Thomas Green here with Ethical Marketing Service. On the podcast today we have Janelle Hailey. Janelle, welcome.
Hi, Thomas. Thank you. I’m excited to be here.
I’m excited to have you. I don’t know if you’ve seen the other episodes but in most instances what I will do is I will just say take a moment, tell the audience a bit about yourself and what you do. But on this occasion I’ve been communicating with someone, I think their name was Samantha and the introduction was too good to miss. So, in 2020 hand Sanitiser went from being one of the most stigmatised products to one of the most in demand as brands and stores sold out of their inventory and supply chains were stretched to the max. One brand decided to relaunch to scale up. I’m curious how this played out. I’d like to introduce you to Janelle Hailey.
Thank you. Thank you so much. I kind of wanted to do like a trailer voice, you know?
Yeah, that’s perfect, Loved it. What would you like to tell people about yourself?
Yeah, there was a great introduction for the last year and a half I’ve been the head of marketing and innovation and e-commerce for Olika a clean wellness hygiene brand with safe, effective, sustainable and fun hydrating hand sanitisers. That set up that you gave, I get the question all the time, did you join this brand because of the pandemic? And absolutely not. It’s really a brand that understands that you can do good in the world and do business at the same time. The brand actually existed before the pandemic on a mission to improve health through joyful hygiene experiences. And that was a big reason why I became a part of the brand. and that’s why I love marketing, I love working on conscious brands that really understand that you can contribute to solving society’s biggest issues while making your profit. And we’re doing that at Olika through the pandemic. I did that eight years prior, working in beauty marketing, and it’s just super excited to take this knowledge and passion that I have for an underserved mending category and personal hygiene and really meet the needs of consumers to Olika.
Well, I was intrigued, so I did have a look at the products and it does it does live up to, you know, I’ve not seen anything like it in terms of packaging, at least for a hand sanitiser, so how much did you have a part in that? I had a big part in the redesign of the brand, you know, there were some fundamental things that we wanted to address, that we were hearing from our consumers in terms of being more sustainable and offering a refill packaging, extending our fragrance choices. so are consumers are very vocal, love them, and they tell us some things that they would love to see, and we were able to tap into that and really broadened the range of the fragrances thick some of those fundamental design issues as well as just relaunched the brand, the look, the feel, the communication, make it fun and exciting because even during a pandemic, even having to use Hansen hand sanitiser more than you’ve had to before in the past, why can’t it be fun and enjoyable as you’re taking care of your health at the same time?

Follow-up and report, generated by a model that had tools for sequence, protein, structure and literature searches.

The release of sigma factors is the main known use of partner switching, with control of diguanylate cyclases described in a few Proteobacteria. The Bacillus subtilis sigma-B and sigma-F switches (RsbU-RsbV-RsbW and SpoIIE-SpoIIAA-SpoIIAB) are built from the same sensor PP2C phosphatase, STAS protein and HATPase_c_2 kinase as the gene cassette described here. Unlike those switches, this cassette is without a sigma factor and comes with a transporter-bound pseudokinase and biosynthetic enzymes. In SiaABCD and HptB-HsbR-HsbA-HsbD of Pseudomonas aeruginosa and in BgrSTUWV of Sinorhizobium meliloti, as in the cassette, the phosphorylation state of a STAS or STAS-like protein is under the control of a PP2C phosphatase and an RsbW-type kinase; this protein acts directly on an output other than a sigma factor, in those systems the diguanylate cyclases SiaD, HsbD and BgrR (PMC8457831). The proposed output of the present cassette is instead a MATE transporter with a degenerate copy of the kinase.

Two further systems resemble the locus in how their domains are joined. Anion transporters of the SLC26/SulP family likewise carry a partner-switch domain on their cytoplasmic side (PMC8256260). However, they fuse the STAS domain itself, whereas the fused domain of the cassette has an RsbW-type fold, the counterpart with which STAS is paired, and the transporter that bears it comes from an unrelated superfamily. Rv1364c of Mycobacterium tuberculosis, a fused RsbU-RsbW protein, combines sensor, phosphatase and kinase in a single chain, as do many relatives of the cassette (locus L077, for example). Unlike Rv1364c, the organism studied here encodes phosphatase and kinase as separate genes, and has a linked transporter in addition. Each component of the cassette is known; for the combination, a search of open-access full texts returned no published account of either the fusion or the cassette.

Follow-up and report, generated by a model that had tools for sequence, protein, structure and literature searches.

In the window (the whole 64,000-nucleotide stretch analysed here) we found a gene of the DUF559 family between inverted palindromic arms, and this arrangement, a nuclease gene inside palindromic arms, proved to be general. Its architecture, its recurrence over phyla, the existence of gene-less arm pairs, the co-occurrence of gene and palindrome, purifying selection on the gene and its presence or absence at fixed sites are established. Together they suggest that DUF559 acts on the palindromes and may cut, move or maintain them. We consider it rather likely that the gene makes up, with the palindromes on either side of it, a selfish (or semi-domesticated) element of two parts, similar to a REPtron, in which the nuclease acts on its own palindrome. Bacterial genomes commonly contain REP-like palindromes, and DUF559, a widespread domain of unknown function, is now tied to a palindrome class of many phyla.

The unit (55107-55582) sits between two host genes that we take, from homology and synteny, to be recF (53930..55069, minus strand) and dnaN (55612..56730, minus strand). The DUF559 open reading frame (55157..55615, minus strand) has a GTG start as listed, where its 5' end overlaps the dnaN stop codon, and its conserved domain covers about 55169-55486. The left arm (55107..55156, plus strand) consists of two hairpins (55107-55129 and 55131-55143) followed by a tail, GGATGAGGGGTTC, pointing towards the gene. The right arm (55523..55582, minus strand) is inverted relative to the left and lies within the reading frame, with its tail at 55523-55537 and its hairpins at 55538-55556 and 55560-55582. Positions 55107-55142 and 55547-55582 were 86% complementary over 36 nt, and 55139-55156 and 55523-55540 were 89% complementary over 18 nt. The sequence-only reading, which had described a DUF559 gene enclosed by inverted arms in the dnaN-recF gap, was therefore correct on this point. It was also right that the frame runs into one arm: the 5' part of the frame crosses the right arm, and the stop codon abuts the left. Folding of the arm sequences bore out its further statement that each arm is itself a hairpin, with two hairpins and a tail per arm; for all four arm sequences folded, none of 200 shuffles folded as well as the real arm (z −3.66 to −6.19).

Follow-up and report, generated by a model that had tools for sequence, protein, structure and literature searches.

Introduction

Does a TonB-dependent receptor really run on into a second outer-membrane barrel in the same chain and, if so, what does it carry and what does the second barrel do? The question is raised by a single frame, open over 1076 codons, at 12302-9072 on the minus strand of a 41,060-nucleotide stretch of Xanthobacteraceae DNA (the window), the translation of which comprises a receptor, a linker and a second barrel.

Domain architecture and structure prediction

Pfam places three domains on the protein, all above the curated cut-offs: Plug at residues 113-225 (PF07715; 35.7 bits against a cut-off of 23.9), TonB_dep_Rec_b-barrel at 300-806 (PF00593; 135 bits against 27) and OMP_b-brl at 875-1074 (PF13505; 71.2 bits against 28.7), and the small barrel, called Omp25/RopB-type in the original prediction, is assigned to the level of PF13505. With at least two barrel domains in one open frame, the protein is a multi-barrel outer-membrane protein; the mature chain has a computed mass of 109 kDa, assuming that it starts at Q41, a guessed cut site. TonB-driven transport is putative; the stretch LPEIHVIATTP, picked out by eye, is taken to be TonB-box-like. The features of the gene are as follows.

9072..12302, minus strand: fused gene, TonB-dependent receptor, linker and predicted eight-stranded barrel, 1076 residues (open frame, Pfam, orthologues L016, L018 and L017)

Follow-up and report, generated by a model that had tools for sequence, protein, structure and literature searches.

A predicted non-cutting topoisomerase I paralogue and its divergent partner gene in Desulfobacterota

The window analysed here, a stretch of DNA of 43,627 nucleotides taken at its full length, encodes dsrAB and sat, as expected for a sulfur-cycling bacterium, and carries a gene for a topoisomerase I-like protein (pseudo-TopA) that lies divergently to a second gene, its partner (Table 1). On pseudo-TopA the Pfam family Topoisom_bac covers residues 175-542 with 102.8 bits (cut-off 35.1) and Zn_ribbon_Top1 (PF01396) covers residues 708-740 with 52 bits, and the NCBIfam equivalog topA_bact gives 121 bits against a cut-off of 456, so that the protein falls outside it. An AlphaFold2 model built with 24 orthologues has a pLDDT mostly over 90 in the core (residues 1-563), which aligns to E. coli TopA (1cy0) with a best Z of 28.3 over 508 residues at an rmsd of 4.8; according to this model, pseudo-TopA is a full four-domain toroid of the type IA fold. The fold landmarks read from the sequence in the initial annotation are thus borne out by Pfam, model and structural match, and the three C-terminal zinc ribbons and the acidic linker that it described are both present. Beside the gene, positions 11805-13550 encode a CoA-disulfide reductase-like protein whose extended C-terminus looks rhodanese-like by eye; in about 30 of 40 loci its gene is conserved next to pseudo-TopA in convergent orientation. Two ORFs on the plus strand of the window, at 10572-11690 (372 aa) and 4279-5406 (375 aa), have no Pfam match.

And so That was that was our brand new launch in late 2020 actually. So, in terms of generalising it, because, you know, the idea being that other business owners are also listening and you know, maybe the brand might uh, do with the modernist from their perspective, what would you advise? Let’s say you were speaking to someone that you were fond of and they said, yeah, I really need to work on that. What advice would you give them in terms of modernising the brand?
Yeah, I would tell them to first start with talking to your consumers. I am a big consumer marketer, whether you call them consumers or customers, depending on if your product or service, understanding what it is that they love about your brand. What are some of the things that you could do differently? I think sometimes we get a little put back by negative feedback, but I think the best stuff is in the negative feedback because that allows you to understand how you can push yourself better and then also going out there and understanding your competitors right?
They probably have wonderful things that they really exceed at and they probably also have opportunities as well. And so maybe you can take some of those opportunities that they have and bring that to your business. I think that’s really, really important to start off with for anybody who wants to modern ise the brand, because it’s really important to understand what your point of differences as a brand, as a product as a service, because that’s the essence of everything you do. And then from there you can get into the fun and exciting things. Um, what is your brand? Visual identity? What are like the codes? And when I say codes, what are the logos, the colours, the images that really kind of invoke what it is you want to stand for it as a brand? How do you translate that into packaging? You know, in a world of Instagram and everything needing to be Instagram mobile, packaging in the packaging, even if you’re a service, it could be your storefront. How are you making sure that you’re really incorporating a modern look and feel into that aesthetic? and then also, you know, whether it’s content, whether it’s your website, whether it’s your social media feed, once you kind of nail that visual identity of how you want your brand to look and feel, then it’s really kind of easy to extend it across the marketing ecosystem.
You were about to touch on, I think what my next question was and that’s the outcome. So let’s say you’ve got a generalist business and they feel like they need to work on this particular topic, what can they expect to get when they put the work in to do all those things that you just referred to?